JS: There are a lot. There are some that were started a long time ago and are no longer around at least in the small independent press way that they were when they started. And there are some others that were started more recently and are going strong. Some presses that I admire in no particular order are:

Hogarth Press. Started by Virginia Woolf and her husband, it allowed Ms. Woolf to publish her own work worry free. And they first published Eliot’s The Waste Land in the UK within a few months of it first being printed in the USA. Started as a micro press then sold to a bigger press many years later. But those first 15 years are pretty impressive.

City Lights Publishing. Most everyone knows this story of Mr. Ferlinghetti and how valuable he and City Lights have been to independent publishing. Standing up for Ginsberg’s Howl and helping the writers known as and associated with the Beats get published. He basically helped them become more legitimate to the literary and larger world. But they also publish many other American and International writers that are very good.

Black Sparrow. John Martin started this press in 1966 by selling all of his first editions of modernist writers and then using that money to dedicating this press to publishing Charles Bukowski. How many publishers would do that today? Sell off their most valuable possessions and then say I am going to sink or swim with this one writer. Even though Bukowski was pretty well known in 1966 in the underground literary scene, he had not ever had published and or tried to sell full length books before, so this was a definite risk back then.

New Directions. Started by James Laughlin as a small press and is still considered one today. Started because Ezra Pound told Mr. Laughlin that he should “do ‘something’ useful” after he graduated from college. They still publish great American and International writers, most recently with the new translations into English of the great Brazilian writer Clarice Lispector.

Grove Press. When Barney Rossett bought it in 1951 and for the next 35 years made it one of the most respected independent small publishers in the world.

The rest of the presses that I will mention were all started in the twenty first century and continue to publish and distribute high quality writers following in the footsteps of the 5 presses mentioned previously. They also are innovative and publish writing that adds to the culture in a good way. They are finding new ways to publish books. They are (also in no particular order): Publishing Genius Press, Mud Luscious Press, Wave Books, Dancing Girl Press, Octopus Books, No Tell Books, Melville House, Magic Helicopter Press, MuuMuu House, Tiny Hardcore Press, Two Dollar Radio, Emily Books, Featherproof Books, Dalkey Archive Press, Black Ocean Press.

Mb: Do you have hope for the future of books?

JS: Definitely. Although everyone knows that the book industry is changing, I think that independent small presses are actually in a very good position to fill in the holes from all of these big publishers merging together. Scrambler Books has gotten more popular in every year of its existence since 2008. We plan to publish in 2013 more books than we ever have in any other of our years. Also, the way that independent small publishers are approaching publishing is definitely looking good for the future of books. By which I mean we are all thinking about e-content yes, but also there are more special print editions, or limited print editions and other types of the book as an art object going on. Look at Featherproof Books and what they do with the design of their books. It is amazing. I think that books even for the younger “Digital Native” generation(s) still hold importance and relevance and will continue to do so. Although I really enjoy thinking about the future of books and coming up with new ideas for the books that Scrambler Books publishes, I also enjoy the tradition associated with books and think that it is definitely still respected. And the headache of digital provenance and storing digital data with so many changing systems and formats has yet to be solved to a satisfactory level in libraries and archives. At the moment, books and paper are still a stronger way to keep information alive for a long time. I am a book optimist.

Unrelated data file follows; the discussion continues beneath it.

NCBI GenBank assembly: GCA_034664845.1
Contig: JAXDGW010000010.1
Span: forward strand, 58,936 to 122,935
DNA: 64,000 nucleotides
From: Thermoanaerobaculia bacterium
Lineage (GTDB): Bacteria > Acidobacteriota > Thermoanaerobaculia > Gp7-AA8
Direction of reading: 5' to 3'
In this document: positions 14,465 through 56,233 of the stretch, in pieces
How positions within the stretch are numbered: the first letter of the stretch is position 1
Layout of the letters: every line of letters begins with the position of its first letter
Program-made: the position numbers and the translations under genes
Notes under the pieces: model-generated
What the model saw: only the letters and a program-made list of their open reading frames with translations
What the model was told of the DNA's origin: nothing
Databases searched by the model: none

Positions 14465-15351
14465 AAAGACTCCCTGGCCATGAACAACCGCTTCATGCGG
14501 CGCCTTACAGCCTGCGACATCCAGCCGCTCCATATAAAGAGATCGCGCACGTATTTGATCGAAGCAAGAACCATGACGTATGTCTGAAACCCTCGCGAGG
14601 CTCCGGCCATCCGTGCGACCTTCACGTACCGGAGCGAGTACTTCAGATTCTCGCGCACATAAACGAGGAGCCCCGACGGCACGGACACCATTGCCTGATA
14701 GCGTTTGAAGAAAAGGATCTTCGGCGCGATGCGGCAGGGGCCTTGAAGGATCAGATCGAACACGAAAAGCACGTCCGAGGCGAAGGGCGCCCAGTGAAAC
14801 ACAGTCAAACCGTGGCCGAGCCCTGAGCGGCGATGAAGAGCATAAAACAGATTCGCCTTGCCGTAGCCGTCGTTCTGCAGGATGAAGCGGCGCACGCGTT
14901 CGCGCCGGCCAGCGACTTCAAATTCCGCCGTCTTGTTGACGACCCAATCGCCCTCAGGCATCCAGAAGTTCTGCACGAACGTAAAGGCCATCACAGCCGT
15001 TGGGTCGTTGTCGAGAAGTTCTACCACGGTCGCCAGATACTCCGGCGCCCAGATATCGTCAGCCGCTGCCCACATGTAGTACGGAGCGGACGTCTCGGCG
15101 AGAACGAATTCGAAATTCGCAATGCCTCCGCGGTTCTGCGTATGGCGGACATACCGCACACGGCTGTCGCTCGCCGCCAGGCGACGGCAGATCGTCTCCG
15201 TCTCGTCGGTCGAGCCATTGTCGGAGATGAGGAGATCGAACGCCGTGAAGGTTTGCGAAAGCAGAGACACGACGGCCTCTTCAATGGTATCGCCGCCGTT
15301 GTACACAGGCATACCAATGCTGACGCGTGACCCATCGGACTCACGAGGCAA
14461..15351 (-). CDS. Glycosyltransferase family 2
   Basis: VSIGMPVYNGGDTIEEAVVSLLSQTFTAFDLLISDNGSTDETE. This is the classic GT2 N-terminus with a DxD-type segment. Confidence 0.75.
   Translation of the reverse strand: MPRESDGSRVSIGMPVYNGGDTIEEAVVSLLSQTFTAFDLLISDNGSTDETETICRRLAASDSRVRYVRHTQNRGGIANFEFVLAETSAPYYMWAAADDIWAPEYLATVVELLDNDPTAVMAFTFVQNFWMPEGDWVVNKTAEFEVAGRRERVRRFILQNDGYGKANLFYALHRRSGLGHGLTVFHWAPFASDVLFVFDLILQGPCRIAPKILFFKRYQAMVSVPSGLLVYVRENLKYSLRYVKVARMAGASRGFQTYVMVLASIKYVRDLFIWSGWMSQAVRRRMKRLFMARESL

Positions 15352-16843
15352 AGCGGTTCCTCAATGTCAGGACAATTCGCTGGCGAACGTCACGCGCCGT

Mb: Please share anything else you would like to say.

JS: Use a library once in a while.


David Cotrone is from Plymouth, MA. His writing appears in Fifty-Two Stories, The Rumpus, PANK, Paper Darts, Necessary Fiction, Thought Catalog, Vol. 1 Brooklyn, and elsewhere. You can find him at


Know Your Bookstore: Parnassus Books (Nashville)

In this new interview series, Monkeybicycle intern David Cotrone will be introducing you to a variety of independent booksellers and store owners.

Parnassus Books is located in Nashville, TN. This interview was conducted with Karen Hayes of the Parnassus Books staff.



Monkeybicycle: When was your bookstore founded? What prompted you to want to sell books?